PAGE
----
Don't those people in high places realise that small businesses are the backbone of the country?

If it wasn't for people like us, bank bosses wouldn't be getting the high salaries and bonuses they had become accustomed to."


Leo White runs a design company in Cumbria.

He employs five members of staff, and has an annual turnover of about £300,000.

Leo White
Confidence in the business - 7 out of 10. Down from 8/10 in September
Key current concern - maintaining profit margins in a demanding market

Hydrant has 320 clients ranging from micro businesses to local authorities.

"October has continued to be relatively slow turnover wise.

With one member of staff away on holiday in New Zealand for the whole month, we'd purposefully not planned too much new work.

Instead we have relied on income from hosting and support services.

Long-term projects continue to take time, and and attention to deliver, and generally clients have become increasingly demanding about what they require for their budgets.

We've won a large project which should keep us going at a steady rate until Christmas, and we are expecting the usual pre-Christmas online marketing flurry from our smaller clients who always leave it late.

Thoughts are turning to work for the new year.

My feeling is that having grown the company over the summer - despite my initial plans not to do so - our profitability has reduced slightly, whilst my stress and the company risk levels have increased.

Our focus over the coming months continues to be efficiency and regaining the level of profitability we had prior to our expansion over the summer."


Mike Grant runs a residential and commercial timber lodge manufacturer in Perth in central Scotland.

Mike Grant
Confidence in the business - 7 out of 10. No change from September
Key current concern - maintaining order book for future security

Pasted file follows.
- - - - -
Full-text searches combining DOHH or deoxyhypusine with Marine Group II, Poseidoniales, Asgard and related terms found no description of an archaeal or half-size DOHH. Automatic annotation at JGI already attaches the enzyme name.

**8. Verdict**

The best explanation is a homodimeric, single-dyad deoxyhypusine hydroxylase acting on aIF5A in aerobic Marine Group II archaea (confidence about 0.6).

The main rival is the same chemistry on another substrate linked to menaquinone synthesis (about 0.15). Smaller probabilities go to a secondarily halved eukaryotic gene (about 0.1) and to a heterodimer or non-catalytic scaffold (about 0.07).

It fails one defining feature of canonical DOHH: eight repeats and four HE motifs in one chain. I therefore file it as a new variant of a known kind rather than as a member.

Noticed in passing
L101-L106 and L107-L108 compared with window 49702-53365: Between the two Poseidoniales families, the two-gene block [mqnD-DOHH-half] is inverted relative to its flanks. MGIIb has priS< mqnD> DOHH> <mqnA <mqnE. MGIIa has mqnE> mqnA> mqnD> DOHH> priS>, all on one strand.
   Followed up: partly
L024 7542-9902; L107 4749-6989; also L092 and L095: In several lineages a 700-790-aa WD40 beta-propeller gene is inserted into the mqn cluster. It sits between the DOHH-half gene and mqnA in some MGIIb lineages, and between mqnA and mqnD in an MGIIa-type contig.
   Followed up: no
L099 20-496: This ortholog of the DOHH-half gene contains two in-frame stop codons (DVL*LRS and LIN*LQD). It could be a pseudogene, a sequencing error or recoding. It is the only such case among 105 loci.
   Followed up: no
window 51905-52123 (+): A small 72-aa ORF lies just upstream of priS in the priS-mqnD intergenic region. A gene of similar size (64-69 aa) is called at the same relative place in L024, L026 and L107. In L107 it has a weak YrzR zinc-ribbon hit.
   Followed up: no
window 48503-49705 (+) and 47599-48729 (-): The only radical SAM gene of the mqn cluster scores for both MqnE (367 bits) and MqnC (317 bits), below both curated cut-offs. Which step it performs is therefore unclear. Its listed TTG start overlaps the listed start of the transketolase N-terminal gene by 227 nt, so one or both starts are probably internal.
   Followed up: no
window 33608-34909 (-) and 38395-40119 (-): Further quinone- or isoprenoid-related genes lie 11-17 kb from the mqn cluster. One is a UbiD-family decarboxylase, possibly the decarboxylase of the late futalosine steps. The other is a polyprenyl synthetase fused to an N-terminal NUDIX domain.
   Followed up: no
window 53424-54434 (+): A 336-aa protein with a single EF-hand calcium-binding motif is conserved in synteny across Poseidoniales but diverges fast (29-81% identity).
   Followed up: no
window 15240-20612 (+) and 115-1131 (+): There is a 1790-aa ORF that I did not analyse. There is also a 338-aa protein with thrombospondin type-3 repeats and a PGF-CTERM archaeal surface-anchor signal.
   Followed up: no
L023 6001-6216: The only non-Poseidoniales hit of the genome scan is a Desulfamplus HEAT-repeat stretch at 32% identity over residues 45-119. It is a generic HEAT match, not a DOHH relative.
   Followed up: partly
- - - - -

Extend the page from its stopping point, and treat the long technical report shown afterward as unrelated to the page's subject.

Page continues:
There are 21 people employed in the company, which has an annual turnover of £2m and produces about 30 lodges a year.

"Another busy month for our team at Island Leisure.

The feedback from the national park owners is showing further interest in new amenity and commercial buildings.

This is I presume from healthy revenue returns due to the higher percentage of holidays taken in the UK of late.

At this time we can see into 2010, with orders now placed for spring delivery.

We propose to promote more strongly the after sales ability we have to service new and existing customers built up over the last 20 years.

In these difficult times it has become most apparent to us all that after sales is a key role for any product provider.

If support is available at this time when many are cutting out services to save costs, we should be well placed when markets recover with a brand of quality and service."


Jenny Lees produces dental products for dentists and the public from her base in Preston-on-Wye, Herefordshire.

Jenny Lees
Confidence in the business - 8.5 out of 10. No change from September
Key current concern - we are in the EU, which has protective laws for small companies and strict rules as to payment terms, so why doesn't the government implement them?

She and her husband employ five people at the company, which has an annual turnover of between £300,000 and £400,000.

They run their firm alongside their separate business - a stud farm.

"October was a very good month for Dentanurse - sales were up slightly on last October.

A sample insert in a dental magazine of our latest product produced a flurry of new customers, as well as bringing us back to the attention of the old ones.

Simple but necessary, the product is a sterile extraction aftercare pack, with a list of do's and don'ts on the back.

How many of us have had a tooth removed and left the dentist nodding, but unheeding, as he lists the do's and don'ts?

Most people are so overwhelmed after having a tooth out that they rarely take in what they have been advised regarding aftercare.

Our latest idea means that the dentist can provide you with a Dentanurse post extraction aftercare pack containing a sterile haemostatic pad (to bite on) and very good advice on what to do and not to do."